Making a return to Slugfest this year is the ever-popular Home Run Derby Mode, which lets up to 8 computer or human players go yard as many times as possible. This is in addition to a quick play mode that starts a game as fast as possible, and the addition of online play that definitely maximizes the replayability factor of the game. It’s one thing to keep playing against your friends and the computer, but challenging online competition is a simple thing to get into, and a good test of your baseball skills. Aside from that, the typical season mode has been replaced by the Franchise mode that’s powered by the Baseball Mogul simulation engine. While you won’t be able to create players or teams, you’ll be able to run the front office operations of a pre-existing organization. This will involve everything from negotiating trades to calling players up from the minors. Much of the information you’ll also receive about the league comes from the newspapers that’ll cross your desk, which displays the stats of players and other games. You’ll also have the option to manipulate your manager’s strategies for a game, including batting orders and defensive alignments.
Players in Slugfest are a creative mix between realistic depictions and overexaggeration. Facially, most of the players included in the game look almost exactly like their real-life counterparts. However, just about every single person on a team seems to be juiced up on league-banned substances. There’s something a bit questionable about that. Stadiums look pretty close to the actual ballparks, with the exception of the extreme parks, which are comical. Particle effects, like smoke or butterfly trails on homers or heat rising from players that are on fire are impressive, and smashing a ball into a scoreboard showers the field with electrical sparks. However, the generic turbo trails that are attached to pitches seem weaker in comparison, and some of the animations from players, particularly transitioning from catching to throwing or some instances of baserunning are somewhat choppy. What’s more, the 2D crowd animation is permanently on a cheering loop, which doesn’t fit all the time. I don’t expect everyone to be pumped up if I’ve just started a game with two low powered teams.
Tim Kitzrow and Jimmy Shorts return to sling wisecracks and insults once again, and while you will hear a bit of repetition after a number of games, their timing is still pretty solid. There are a lot more pre-game bits this time than before, which is great, particularly because it disarms the wait time as the game loads. In-game sounds are pretty solid, from the random cheers and comments thrown from the crowd to the crack of the bats and embellished effects when a homer is hit. While there are a number of songs included by up and coming groups, you’ll barely hear them considering the sound effects and jokes cracked by the commentators.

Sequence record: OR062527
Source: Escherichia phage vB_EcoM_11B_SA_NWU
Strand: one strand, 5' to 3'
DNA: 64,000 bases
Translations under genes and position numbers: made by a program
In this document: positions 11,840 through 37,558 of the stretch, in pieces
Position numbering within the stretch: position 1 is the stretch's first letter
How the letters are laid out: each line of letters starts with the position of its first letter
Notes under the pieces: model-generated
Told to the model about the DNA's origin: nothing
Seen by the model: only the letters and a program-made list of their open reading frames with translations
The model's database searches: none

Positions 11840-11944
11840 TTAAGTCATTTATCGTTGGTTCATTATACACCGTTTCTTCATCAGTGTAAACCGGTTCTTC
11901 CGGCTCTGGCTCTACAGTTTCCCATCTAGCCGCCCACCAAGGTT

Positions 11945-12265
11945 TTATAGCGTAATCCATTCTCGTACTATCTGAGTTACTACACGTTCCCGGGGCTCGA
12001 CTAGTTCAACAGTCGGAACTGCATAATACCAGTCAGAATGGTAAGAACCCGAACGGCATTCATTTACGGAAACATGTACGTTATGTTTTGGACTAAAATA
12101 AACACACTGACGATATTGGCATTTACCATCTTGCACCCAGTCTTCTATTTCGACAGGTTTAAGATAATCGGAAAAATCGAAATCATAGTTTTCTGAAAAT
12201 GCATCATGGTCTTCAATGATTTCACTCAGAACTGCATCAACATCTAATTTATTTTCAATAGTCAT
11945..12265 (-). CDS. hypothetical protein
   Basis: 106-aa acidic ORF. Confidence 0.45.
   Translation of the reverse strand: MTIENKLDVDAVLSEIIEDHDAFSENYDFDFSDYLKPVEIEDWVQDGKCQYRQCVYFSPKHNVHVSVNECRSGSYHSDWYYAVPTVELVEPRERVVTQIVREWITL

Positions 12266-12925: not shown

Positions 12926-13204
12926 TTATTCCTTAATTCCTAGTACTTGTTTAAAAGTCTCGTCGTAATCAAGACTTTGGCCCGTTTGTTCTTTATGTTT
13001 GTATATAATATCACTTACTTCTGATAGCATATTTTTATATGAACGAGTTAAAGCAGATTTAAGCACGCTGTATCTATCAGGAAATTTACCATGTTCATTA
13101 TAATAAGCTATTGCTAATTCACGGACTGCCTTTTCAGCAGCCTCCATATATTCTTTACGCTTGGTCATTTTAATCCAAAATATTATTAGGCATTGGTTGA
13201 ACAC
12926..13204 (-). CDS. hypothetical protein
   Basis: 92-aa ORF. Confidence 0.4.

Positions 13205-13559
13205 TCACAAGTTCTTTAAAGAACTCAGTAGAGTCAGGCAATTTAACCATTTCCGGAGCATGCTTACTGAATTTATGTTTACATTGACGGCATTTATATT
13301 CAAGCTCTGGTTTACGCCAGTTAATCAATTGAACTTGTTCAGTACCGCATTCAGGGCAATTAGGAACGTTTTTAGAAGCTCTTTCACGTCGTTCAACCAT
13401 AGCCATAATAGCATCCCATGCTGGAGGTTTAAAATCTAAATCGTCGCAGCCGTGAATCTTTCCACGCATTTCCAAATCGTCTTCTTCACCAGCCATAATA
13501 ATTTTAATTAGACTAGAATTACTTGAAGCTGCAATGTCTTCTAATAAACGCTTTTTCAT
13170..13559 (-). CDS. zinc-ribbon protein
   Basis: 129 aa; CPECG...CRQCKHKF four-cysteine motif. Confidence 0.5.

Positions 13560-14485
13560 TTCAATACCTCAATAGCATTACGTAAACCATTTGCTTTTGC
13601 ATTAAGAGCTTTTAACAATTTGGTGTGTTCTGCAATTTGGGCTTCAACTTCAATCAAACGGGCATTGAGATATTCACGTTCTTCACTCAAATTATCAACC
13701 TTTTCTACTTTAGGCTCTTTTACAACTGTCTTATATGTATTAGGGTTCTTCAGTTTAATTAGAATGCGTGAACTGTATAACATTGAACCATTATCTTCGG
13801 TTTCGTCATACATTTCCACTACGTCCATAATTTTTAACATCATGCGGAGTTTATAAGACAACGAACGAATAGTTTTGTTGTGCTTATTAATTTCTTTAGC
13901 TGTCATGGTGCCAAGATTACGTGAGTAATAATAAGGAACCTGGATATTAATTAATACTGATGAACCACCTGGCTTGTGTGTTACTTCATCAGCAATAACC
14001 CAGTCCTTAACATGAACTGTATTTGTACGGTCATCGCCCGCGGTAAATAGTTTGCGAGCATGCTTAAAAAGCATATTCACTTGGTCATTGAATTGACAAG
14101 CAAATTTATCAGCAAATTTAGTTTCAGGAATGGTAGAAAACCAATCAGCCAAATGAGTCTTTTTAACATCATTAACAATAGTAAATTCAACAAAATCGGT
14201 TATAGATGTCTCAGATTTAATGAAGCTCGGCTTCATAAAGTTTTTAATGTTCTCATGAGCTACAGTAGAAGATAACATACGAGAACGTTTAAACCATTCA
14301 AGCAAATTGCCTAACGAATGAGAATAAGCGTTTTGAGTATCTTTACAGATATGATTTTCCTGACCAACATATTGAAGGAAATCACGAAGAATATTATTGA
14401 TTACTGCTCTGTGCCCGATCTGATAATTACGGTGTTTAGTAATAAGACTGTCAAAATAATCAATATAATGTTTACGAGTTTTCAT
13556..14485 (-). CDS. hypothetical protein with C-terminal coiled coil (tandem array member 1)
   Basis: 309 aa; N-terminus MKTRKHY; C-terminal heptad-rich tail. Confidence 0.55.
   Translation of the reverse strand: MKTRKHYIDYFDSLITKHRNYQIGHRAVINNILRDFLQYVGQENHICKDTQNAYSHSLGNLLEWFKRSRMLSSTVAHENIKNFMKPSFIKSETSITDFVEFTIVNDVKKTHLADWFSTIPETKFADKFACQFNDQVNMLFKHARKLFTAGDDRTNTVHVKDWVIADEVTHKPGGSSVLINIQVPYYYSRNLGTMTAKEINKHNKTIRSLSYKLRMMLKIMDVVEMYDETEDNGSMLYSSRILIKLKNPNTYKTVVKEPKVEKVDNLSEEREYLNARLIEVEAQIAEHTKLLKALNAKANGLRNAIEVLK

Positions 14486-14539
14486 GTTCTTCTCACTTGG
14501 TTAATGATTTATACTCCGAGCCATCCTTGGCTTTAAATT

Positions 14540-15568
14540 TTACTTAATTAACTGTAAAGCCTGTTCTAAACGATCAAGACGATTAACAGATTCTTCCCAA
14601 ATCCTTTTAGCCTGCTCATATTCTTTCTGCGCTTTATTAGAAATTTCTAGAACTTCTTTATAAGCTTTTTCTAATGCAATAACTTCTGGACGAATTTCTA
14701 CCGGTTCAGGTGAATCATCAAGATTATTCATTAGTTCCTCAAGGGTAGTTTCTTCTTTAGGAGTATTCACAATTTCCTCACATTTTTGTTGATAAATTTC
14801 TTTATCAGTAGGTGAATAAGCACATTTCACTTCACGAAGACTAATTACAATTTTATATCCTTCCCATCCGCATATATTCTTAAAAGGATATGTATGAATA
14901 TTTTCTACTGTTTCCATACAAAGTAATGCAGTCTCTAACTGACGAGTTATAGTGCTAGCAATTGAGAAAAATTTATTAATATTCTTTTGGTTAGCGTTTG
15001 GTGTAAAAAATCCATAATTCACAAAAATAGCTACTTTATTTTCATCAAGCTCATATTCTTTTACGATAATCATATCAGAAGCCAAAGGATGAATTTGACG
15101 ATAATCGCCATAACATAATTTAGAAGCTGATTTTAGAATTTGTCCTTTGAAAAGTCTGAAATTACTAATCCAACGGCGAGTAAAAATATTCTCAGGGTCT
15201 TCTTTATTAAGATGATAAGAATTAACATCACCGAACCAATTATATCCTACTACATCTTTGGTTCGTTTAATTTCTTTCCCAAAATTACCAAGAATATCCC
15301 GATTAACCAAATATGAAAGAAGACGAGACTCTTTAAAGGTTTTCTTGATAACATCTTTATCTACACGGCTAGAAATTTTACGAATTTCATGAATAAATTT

A major issue with Loaded isn’t so much what Slugfest does to the game of baseball but how far it doesn’t go within its extreme borders. With only homerun derby, quick matches and franchise play, there’s no possibility of creating a player or a team from scratch and trying to take them all the way. Most of the hidden teams and stadiums are repeats from last year’s edition, and what’s more, playing with them isn’t fully fleshed out. For instance, if you choose to play as the Caseys, you’ll see your spectral team approach the field. However, you’re actually playing as the Cubs, and the announcers will call the lineup of the Cubs instead of making any name substitutions. But perhaps the largest issue with Loaded, and perhaps all of Midway’s sports titles from this past season, is the inclusion of the simulation-like play that tones down the style of the game. There’s simply not enough levels of realistic play included to justify the “classic” baseball play, and having to choose to play the extreme version of the sport or explicitly turning turbo on or off in the options takes the fun out of the game.
However, if you’re looking for a sports game that offers somewhat of a break from the norm that you’ll find on store shelves, you really won’t go wrong with MLB Slugfest: Loaded. Over the top gameplay coupled with nicely timed humor and the inclusion of online play makes this a great way to pass the time during the summer. Now if they can expand on the idea and drop some of the realism, Slugfest could become a true classic in the sports gaming pantheon.